Deaths Caused by the Failure of Riata and Riata ST Implantable Cardioverter-Defibrillator Leads
Has failure of the Riata or Riata ST implantable cardioverter-defibrillator (ICD) leads been responsible for any deaths?
A Food and Drug Administration database was queried to identify deaths that may have been caused by a Riata lead failure. A lead-related death was defined as sudden death accompanied by evidence of lead failure. Deaths in patients with a Quattro Secure ICD lead also were assessed.
The database search yielded 22 deaths related to failure of a Riata/Riata ST lead, and five related to a Quattro lead failure. The mean time of death after implantation was longer for Riata lead failures (61 months) than for failures of the Riata ST (36 months) and the Quattro (36 months) leads. Seven of the 22 Riata/Riata ST lead-related deaths were caused by an insulation defect in the pocket that resulted in a short circuit and failure to deliver therapy. None of the Quattro lead-related deaths were caused by an insulation defect. Thirteen Riata/Riata ST lead-related deaths were due to high-voltage conductor defects resulting in failure to defibrillate. Three Quattro lead-related deaths were due to pace-sense conductor failure, and two were due to high-voltage conductor defects.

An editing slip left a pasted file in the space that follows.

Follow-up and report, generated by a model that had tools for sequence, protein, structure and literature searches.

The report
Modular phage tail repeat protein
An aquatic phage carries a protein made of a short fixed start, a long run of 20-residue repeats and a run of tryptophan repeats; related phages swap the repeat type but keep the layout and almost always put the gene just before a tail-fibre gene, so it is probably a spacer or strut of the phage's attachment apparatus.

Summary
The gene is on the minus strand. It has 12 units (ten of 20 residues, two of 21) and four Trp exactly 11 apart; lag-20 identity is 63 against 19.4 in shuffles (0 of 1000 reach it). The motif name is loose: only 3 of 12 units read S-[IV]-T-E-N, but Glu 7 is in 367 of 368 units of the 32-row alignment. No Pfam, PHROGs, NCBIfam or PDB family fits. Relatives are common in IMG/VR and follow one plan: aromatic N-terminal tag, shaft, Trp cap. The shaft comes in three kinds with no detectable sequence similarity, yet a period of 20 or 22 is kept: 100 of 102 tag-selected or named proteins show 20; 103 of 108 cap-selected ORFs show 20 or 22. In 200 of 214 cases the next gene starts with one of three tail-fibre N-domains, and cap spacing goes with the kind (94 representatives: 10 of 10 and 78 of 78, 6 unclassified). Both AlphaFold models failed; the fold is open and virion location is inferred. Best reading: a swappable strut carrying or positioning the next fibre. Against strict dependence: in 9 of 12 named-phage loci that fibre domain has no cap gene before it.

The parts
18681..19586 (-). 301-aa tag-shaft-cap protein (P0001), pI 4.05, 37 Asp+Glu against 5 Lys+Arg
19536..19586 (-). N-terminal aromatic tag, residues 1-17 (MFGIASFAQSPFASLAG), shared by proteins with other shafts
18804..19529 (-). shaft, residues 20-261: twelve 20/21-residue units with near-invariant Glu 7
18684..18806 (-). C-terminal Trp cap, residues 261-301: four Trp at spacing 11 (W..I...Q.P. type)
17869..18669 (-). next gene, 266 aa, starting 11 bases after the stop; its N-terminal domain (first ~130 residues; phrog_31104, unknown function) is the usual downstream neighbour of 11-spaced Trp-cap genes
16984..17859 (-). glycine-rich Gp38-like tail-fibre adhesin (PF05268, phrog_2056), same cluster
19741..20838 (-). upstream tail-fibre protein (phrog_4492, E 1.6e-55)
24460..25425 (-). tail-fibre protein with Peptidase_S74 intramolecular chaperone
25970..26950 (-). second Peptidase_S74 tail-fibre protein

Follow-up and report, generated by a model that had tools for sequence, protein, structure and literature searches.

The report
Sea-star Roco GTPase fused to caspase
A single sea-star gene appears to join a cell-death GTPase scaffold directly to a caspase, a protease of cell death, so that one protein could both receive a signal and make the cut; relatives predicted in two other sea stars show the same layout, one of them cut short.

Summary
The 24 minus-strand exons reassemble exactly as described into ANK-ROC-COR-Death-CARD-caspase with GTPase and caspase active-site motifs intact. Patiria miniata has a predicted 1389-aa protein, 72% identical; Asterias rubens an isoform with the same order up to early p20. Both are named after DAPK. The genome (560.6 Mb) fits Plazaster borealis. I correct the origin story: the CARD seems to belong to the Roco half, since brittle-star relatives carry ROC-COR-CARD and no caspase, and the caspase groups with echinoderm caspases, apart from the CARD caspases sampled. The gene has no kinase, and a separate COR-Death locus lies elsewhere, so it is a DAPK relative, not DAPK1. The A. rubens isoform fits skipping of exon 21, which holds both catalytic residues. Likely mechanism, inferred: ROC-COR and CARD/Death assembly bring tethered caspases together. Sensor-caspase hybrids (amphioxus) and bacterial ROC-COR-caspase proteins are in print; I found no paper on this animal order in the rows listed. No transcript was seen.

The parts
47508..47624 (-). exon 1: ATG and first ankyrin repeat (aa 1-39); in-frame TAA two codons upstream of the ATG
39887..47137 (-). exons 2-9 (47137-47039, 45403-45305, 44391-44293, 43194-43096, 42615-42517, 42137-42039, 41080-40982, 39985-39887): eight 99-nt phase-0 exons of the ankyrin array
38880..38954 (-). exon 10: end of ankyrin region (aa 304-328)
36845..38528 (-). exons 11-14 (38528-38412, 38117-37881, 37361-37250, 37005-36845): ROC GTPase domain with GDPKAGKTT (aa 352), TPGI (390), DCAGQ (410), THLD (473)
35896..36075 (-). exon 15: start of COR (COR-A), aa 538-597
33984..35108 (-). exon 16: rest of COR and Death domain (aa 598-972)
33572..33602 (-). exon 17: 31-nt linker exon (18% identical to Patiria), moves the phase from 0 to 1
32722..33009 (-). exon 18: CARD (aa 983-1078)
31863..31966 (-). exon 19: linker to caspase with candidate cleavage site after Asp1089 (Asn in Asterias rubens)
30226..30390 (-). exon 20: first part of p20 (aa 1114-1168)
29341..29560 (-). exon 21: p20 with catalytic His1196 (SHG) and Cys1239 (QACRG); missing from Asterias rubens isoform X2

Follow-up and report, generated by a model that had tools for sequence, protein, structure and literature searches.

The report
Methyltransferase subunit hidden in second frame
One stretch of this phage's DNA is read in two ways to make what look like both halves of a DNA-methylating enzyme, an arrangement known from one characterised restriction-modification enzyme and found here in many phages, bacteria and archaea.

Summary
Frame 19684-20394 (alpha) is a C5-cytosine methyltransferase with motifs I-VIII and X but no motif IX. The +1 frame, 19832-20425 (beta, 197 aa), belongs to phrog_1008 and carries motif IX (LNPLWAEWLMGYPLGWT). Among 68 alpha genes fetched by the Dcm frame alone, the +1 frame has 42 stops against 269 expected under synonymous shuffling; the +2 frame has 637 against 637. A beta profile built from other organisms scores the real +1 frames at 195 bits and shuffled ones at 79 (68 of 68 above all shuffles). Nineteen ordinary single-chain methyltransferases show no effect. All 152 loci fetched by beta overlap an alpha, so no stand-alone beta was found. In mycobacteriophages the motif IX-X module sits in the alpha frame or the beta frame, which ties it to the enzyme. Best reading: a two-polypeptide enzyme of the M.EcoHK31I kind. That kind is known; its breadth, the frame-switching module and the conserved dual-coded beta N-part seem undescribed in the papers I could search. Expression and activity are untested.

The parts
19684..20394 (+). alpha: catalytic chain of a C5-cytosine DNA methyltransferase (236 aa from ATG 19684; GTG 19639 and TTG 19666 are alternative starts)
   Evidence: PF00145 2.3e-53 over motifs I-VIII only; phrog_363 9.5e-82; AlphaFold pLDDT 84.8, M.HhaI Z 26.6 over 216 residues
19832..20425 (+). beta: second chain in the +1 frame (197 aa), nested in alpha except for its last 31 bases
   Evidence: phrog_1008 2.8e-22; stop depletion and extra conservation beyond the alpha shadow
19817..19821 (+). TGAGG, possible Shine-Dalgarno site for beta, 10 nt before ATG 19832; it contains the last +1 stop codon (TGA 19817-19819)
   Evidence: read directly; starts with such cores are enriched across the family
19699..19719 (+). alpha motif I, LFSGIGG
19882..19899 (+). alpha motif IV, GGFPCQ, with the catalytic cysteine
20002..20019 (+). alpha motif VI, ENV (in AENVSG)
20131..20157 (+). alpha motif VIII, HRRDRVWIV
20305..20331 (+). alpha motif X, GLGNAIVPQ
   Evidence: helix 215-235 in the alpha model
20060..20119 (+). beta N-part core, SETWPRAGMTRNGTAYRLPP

Insulation defects in Riata/Riata ST leads can result in death caused by failure of an ICD to defibrillate.
Electrical shorts can occur abruptly during shock delivery without any prior evidence of lead failure detectable by routine monitoring. During monitoring, all impedance vectors should be evaluated, and coil-to-can electrograms should be examined for artifacts that may be caused by a coil-to-can short. Because of the risk of failure to defibrillate, any evidence of Riata lead failure should prompt early replacement.
Keywords: Defibrillators, Death, Shock, Electric Impedance, Electric Countershock, Heart Rate, United States, Tachycardia, Artifacts
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